Last night Canadians voted in the only party that didn’t care about the issue enough to bother sending a representative.

    Myself, I don’t have the answers on how best to deal with povery, but I do know this: if we are to do make any progress in eradicating poverty, we at least need to have a government that is willing to talk about the subject, and agree that they have at least some role to play in looking for a solution.

  3. I think people tend to absolve themselves from caring about the poor by blaming the victims. If we can convince ourselves that poor people are poor because of their own lack of initiative, or because they’re lazy, irresponsible or stupid, then we can convince ourselves they deserve to be poor. And then we don’t have to feel sad or guilty when we see them suffering or struggling.

  4. one quirky twist of fate could thrust us into poverty, too.

    Or one too many elections won by the conservatives/republicans of the world who care only about lining their pockets and those of their big business buddies.

    Mary Lynn is right. It says a lot about a country when they vote in a party who doesn’t care enough about the poor to even discuss possible “solutions”. I am hugely disappointed, but the people have spoken.

  5. Bandobras – No but then the government would own the poor and be able to tell them how to spend their money…oh wait, they already do.

    Mary-Lynn – People vote according to whoever promises to fix things that affect them personally. That’s why tax breaks are always a popular platform item. You’re gonna let me keep more of my money? I’ll vote for you! You’re gonna get the druggies and prostitutes off my street corner? I’ll vote for you. You’re gonna lock up young offenders for life? I’ll vote for you. You want to eradicate poverty, clean up the environment, build a safer, healthier infrastructure for future generations? Who the hell cares. People are very short sighted and don’t appreciate a leader with vision.

    Zoom – I originally had a whole paragraph in my post saying exactly that, but it got cut in editing because it was kind of repeating what I’d said in the “Choice” post a few days ago. Thanks for re-emphasizing this point.

    Jazz – Here’s whats’ really sad: Canadian voters were stupid/short-sighted enough to re-elect Tory; but 42% of eligible Canadians were stupid/short-sighted enough not to vote at all — lowest voter turnout on record.

  6. Actually – the saddest part is that the bloc which has 10% of the vote popular vote holds 16% of the seats while the NDP (and I am not a fan of them at all) have 18% of the popular vote yet only 12% of the seats and the greens who have 7% have none.

  7. Having led a very blessed life to date, poverty has never been a huge concern until recently. Someone close to me had one of those “you never know what can happen” moments in her life and now her future is very shakey indeed. I have to admrt, I leaned quite Right years ago when I liked the candidate, however, now I look to some socialist countries and think they have the right idea. Their priorities seem to be a little more aligned with what mine are becoming. And, it makes me sad when people want to hold on to their money so damn tightly when they don’t need it as much as someone who can’t provide for themselves or their family. And I hate it when people generalize. I read Zoom’s blog entry on being on welfare and I’m bookmarking it and making it required reading for the next person who paints welfare recipients with a broad brush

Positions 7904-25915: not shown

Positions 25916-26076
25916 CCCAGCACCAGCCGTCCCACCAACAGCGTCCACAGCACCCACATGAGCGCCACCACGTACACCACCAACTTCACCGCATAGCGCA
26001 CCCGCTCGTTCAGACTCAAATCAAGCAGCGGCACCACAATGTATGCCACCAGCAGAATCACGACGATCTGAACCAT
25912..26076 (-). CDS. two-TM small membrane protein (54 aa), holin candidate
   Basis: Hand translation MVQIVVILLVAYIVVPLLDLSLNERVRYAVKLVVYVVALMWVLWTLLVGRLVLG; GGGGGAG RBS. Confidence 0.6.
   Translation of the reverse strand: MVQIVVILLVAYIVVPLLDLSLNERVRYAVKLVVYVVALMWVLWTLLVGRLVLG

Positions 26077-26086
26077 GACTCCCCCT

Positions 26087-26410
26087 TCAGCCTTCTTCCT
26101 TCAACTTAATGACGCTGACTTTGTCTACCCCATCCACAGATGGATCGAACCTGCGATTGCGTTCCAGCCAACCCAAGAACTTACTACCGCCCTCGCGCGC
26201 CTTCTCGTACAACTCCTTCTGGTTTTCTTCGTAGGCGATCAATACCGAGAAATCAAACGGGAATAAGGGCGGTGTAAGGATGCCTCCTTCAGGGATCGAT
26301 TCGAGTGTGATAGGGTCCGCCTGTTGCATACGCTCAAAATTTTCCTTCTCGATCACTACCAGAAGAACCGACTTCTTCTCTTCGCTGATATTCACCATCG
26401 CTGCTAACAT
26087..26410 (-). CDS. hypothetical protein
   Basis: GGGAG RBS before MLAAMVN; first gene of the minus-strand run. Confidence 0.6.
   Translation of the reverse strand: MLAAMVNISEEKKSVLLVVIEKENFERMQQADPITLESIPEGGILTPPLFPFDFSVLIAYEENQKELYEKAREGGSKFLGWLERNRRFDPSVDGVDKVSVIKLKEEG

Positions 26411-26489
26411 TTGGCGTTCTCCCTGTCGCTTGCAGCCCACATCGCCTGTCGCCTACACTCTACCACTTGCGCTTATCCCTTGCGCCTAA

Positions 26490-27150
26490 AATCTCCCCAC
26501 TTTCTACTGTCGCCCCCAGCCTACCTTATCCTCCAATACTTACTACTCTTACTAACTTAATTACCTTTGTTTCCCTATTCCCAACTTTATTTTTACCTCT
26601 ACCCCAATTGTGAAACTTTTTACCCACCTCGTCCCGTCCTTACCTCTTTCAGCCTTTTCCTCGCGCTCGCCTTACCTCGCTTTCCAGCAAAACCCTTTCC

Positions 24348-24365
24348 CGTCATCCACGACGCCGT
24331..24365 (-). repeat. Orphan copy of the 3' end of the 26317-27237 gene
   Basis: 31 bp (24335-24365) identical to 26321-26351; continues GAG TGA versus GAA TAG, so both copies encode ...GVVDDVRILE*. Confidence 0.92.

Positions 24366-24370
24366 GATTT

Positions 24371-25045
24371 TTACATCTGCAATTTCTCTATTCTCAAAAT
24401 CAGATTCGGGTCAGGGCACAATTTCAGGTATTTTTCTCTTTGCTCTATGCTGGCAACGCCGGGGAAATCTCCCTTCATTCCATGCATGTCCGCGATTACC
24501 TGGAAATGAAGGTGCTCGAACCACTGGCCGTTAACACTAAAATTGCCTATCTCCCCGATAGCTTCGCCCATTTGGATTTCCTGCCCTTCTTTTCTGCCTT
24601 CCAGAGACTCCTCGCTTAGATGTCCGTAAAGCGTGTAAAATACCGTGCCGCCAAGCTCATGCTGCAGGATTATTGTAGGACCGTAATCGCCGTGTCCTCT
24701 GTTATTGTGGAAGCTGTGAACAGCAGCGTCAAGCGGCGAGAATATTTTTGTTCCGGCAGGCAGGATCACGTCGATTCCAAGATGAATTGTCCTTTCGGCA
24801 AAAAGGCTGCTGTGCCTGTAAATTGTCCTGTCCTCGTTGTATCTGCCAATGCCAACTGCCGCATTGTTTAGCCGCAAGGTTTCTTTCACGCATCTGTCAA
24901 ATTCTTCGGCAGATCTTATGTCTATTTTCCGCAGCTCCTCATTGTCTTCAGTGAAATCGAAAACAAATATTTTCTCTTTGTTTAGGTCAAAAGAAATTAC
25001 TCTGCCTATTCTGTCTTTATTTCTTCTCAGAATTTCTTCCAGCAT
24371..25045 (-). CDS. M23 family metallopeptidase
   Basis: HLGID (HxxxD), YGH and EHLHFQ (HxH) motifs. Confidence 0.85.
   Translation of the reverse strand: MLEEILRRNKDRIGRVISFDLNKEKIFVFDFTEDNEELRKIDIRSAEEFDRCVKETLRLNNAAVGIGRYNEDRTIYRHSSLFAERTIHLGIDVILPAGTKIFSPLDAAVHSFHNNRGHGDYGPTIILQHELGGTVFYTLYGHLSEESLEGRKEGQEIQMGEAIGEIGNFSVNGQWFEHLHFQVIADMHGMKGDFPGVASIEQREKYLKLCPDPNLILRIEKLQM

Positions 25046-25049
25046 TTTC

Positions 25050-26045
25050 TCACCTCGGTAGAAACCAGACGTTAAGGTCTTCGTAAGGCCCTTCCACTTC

Bit of a rant, hope it makes sense.

  8. This is a really nice post.

    Sometimes I complain about having trouble making my ends meet, but the bottom line is I live in a really nice place (even if it is small) in a great neighborhood and all my bills are always paid and I never worry about going hungry. To so many, mine is a life of luxury.

    Shame on me for every feeling frustrated or sorry for myself.

    (Interesting about Sweden!)

  9. Lebowski – Yup, that’s our electoral system.

    Meanie – Makes perfect sense. We all have problems and worries and we don’t always have the time or emotional capacity left to think hard about someone else’s plight. It’s easier to just hold on to a stereotype because that absolves us from responsiblity and we can get on with our own very difficult business of living our lives.

    Lesley – There’s a conumdrum because I think we all have a right to feel happy about our lives and also to be upset, angry about things without always feeling guilty because someone else is so much worse off than us. It IS good, however to step out of ourselves every once in a while and count our blessings and pay some attention to those who need us. So go ahead and grumble. And enough about Alex Trebek’s pecs already.